On 9th April 2018, Doctors with Africa CUAMM has taken part to the international conference WHO Global Dialogue on Partnerships for Sustainable Financing of Noncommunicable Disease (NCD) Prevention and Control, held in Copenhagen, Denmark. Andrea Atzori, Head of International Relations, on behalf of CUAMM, has presented best practices to tackle NCDs in Mozambique, Ethiopia, Sierra Leone and Angola.
Objective of the conference was to share information on existing and potential sources of finance and development cooperation at the local, national, regional and global levels to implement national NCD responses in order to reach SDG 3.4 through multistakeholder and multisectoral partnerships. The Conference has produced a report with recommendations for consideration by the 3rd High-level Meeting on NCDs, to be held in 2018 by the United Nations General Assembly.
The global burden and threat of noncommunicable diseases represent a major contemporary public health challenge that undermines social and economic development throughout the world. Indeed, for the first time in history, globally more people are dying of NCDs than infectious diseases. Within countries, NCDs-related deaths disproportionally affect the poorest and those furthest behind. Indeed, the NCD epidemic is rooted in poverty, and driven by the impact of globalization of the marketing and trade of health-harming products, rapid urbanization, as well as population ageing.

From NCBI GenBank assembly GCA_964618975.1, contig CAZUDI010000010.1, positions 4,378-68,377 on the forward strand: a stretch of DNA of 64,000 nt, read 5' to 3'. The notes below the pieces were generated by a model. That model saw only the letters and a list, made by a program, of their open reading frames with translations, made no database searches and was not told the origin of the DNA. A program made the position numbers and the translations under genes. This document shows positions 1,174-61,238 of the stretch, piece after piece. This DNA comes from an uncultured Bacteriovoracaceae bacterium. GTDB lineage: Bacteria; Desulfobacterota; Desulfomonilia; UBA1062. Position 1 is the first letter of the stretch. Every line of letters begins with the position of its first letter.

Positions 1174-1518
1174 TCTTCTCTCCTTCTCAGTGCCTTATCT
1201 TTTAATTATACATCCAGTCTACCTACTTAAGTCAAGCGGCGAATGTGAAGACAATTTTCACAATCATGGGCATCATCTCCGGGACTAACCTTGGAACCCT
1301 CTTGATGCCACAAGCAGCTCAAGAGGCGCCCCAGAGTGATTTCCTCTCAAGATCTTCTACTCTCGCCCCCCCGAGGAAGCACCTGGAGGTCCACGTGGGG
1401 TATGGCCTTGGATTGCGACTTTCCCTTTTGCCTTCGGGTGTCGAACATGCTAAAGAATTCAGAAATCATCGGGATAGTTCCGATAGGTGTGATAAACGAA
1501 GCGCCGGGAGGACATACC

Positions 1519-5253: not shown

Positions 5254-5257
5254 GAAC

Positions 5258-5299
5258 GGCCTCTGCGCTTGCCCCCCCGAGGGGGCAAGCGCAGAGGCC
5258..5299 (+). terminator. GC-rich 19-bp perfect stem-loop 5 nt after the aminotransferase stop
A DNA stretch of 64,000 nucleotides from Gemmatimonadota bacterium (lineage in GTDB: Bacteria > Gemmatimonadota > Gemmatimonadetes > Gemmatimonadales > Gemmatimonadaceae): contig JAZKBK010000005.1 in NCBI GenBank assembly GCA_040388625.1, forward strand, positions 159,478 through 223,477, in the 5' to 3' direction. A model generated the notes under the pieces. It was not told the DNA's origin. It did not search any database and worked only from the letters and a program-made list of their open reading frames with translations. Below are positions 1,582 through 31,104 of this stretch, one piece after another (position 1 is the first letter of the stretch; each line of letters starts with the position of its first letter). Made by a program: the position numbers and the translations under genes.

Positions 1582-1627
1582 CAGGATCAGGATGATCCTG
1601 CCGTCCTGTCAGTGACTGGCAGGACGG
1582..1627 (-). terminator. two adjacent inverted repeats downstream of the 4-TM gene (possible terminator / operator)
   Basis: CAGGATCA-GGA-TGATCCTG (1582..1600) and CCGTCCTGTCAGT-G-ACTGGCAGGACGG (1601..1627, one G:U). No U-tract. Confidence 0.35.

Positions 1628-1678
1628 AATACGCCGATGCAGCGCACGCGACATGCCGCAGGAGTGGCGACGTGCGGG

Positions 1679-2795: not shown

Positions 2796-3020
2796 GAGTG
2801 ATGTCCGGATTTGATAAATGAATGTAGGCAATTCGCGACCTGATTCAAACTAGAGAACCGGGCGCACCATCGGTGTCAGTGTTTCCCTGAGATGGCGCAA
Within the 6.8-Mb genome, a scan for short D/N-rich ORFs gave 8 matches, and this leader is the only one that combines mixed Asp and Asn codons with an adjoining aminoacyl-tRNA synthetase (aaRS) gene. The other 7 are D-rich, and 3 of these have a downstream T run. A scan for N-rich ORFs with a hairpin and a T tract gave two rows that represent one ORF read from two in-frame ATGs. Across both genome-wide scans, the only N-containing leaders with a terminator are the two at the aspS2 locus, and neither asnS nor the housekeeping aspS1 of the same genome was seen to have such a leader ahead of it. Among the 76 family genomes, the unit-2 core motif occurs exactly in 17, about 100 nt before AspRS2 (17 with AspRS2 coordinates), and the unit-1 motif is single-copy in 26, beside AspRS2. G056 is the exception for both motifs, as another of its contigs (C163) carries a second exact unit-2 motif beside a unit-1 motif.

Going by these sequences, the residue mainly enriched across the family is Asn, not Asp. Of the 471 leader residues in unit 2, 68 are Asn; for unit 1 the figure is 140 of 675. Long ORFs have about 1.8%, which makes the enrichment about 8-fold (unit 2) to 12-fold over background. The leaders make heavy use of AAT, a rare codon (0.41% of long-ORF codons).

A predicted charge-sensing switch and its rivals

NCDs can be prevented and treated and Doctors with Africa CUAMM is currently working in Angola, Ethiopia, Mozambique and Sierra Leone in partnership with the World Diabetes Foundation (WDF) and the Ministries of Health and Sanitation to fight diabetes mellitus, gestational diabetes and hypertension. Furthermore, CUAMM has worked to introduce cervical cancer and breast cancer screening in women in Ethiopia and Tanzania. In all countries, activities include awareness raising, sensitization and testing campaigns to spread knowledge about NCDs and empower people against these preventable diseases. Those are examples of specific programs while CUAMM maintains its efforts in health systems strengthening, improving health services with a direct impact on diagnosis and treatment of most NCDs.